In this appeal from the Circuit Court of Jefferson County, we are asked to consider the constitutionality of a West Virginia Racing Commission rule that prohibits the racing of a horse that is carrying in its body any drug substance. The appellants assert that this zero tolerance rule is arbitrary, capricious, and not rationally related to the regulation of horse racing. The circuit court rejected the appellants' assertion and found the rule to be constitutional.
After careful consideration of the rule and our precedents, we find that the rule is constitutional and rationally related to (1) the goal of preventing horses from being raced when they have any drug-like substance in them, and (2) the goal of preventing post-race litigation regarding whether that substance had any effect on the horse's race performance. As set forth below, we affirm the circuit court's ruling.
Following the race, tests on Eastern Delite were positive for the drug caffeine.
The Johnsons appealed this finding to the Board of Stewards (See footnote 1) at the Charles Town Race Track,
where they were permitted to offer expert testimony by a veterinary pharmacologist. The
pharmacologist testified that the small amount of caffeine in Eastern Delite - alleged to be the
quantity equivalent to ingesting a teaspoon of coffee - had no impact upon Eastern Delite's
race performance, and likely came from environmental contamination (such as from the horse
ingesting a spilled drink containing caffeine).
Nevertheless, the Board of Stewards ruled that the appellants had violated a zero tolerance rule prohibiting a horse from running in any race with any drug in its system. The rule, 178 C.S.R. § 66.5 , was promulgated by the West Virginia Racing Commission and states (with emphasis added):
No horse participating in a race shall carry in its body any drug substance, its metabolites, or analog, which are foreign to the natural horse except as provided, by this rule. (See footnote 2)
The Board of Stewards disqualified Eastern Delite, and ordered that the prize purse for the race
The Johnsons appealed the ruling of the Board of Stewards to the West Virginia Racing Commission, which affirmed the ruling.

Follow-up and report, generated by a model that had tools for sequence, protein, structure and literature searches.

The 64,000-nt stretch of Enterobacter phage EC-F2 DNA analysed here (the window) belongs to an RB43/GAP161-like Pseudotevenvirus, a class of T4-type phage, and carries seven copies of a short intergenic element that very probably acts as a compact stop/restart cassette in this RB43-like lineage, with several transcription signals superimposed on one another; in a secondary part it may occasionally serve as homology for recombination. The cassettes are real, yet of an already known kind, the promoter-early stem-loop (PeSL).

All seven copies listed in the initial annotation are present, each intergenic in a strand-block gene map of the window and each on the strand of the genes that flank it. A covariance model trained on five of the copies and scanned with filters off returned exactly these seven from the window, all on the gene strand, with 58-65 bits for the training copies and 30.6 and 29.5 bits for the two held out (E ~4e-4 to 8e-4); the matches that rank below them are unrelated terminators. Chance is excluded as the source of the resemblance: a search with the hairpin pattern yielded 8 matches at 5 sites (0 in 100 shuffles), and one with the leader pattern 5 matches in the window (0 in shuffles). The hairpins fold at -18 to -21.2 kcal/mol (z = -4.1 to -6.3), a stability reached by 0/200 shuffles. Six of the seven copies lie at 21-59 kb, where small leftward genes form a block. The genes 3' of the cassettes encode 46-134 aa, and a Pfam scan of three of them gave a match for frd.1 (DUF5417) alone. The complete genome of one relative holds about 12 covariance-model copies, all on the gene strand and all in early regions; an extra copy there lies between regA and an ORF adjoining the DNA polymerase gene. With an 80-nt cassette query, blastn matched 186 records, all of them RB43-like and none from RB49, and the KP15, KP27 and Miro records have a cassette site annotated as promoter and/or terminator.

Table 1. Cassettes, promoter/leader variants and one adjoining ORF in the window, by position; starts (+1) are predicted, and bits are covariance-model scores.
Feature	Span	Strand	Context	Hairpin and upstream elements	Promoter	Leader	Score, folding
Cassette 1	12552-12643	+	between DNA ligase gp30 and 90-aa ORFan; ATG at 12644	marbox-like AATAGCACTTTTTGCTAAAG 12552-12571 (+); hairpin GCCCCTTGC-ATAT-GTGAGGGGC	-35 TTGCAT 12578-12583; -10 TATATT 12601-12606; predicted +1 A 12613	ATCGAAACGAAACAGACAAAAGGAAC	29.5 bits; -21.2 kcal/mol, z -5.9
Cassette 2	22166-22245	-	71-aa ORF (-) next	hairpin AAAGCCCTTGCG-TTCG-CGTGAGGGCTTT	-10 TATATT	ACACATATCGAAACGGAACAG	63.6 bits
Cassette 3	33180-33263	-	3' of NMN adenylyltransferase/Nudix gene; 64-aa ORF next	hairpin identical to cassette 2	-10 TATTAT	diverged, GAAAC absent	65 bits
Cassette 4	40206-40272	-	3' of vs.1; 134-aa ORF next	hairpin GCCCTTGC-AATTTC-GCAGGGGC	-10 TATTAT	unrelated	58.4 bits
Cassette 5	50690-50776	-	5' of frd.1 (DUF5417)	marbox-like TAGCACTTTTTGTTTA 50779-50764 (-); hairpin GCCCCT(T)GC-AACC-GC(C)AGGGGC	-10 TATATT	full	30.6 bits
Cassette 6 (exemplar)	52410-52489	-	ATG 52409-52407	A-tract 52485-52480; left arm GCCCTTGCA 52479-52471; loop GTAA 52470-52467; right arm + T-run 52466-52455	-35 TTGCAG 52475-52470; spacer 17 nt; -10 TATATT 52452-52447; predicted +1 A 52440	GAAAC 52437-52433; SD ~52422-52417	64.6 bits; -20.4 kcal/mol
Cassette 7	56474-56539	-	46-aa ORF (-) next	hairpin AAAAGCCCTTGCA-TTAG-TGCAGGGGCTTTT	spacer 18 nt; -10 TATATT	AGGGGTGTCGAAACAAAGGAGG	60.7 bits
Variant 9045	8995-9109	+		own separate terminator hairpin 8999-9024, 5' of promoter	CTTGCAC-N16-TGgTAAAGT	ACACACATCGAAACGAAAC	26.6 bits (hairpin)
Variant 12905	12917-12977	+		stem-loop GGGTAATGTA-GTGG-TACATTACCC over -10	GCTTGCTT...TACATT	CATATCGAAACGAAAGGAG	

The Johnsons then appealed the Racing Commission's ruling to the Circuit Court of Jefferson County, and asserted that the zero-tolerance rule was unconstitutional. The circuit court, however, affirmed the Racing Commission's ruling in an order dated March 11, 2009. Noting that [t]he essence of horse racing is the immediate finality of declaring the winner, the circuit court determined that the Racing Commission's rule was constitutional. The circuit court found that the zero-tolerance rule was designed to take uncertainty out of the [post-race testing] process and eliminate litigation in every case resulting in a positive test, largely because determining whether such positive tests had an actual impact upon a horse in a race would be impractical[.]
The Johnsons now appeal the circuit court's March 11, 2009, order that affirmed the Board of Stewards' disqualification of Eastern Delite and ordered the redistribution of the purse.
In considering the constitutionality of a legislative enactment, courts must exercise due restraint, in recognition of the principle of the separation of powers in government among the judicial, legislative and executive branches. Every reasonable construction must be resorted to by the courts in order to sustain constitutionality, and any reasonable doubt must be resolved in favor of the constitutionality of the legislative enactment in question. Courts are not concerned with questions relating to legislative policy. The general powers of the legislature, within constitutional limits, are almost plenary. In considering the constitutionality of an act of the legislature, the negation of legislative power must appear beyond reasonable doubt.
Syllabus Point 1, State ex rel. Appalachian Power Company v. Gainer, 149 W.Va. 740, 143
S.E.2d 351 (1965).
The racing of an animal with any drug, medication, stimulant, depressant, hypnotic, narcotic, local anesthetic, drug masking agent, or any substance foreign to the natural horse or dog is prohibited. . . .
Simmons, 407 So.2d at 270 (emphasis added). The owners and trainers asserted that the statute
was wholly unconstitutional because it was not rationally related to the purpose of regulating
racing. The Florida court, however, came to a mixed conclusion about the statute's
constitutionality. The court ruled that the statute's absolute ban of drugs and medication was
a rational, constitutional exercise of the Legislature's great power to regulate racing and its
determination that the practice of drugging animals corrupts the sport[.] 407 So.2d at 270-
271. But as for the ban on any substance foreign to the natural horse, the court found the
statute was not rationally related to a proper purpose because it prohibited everything, the
helpful and the harmful, the beneficial and the detrimental, the benign and the deleterious.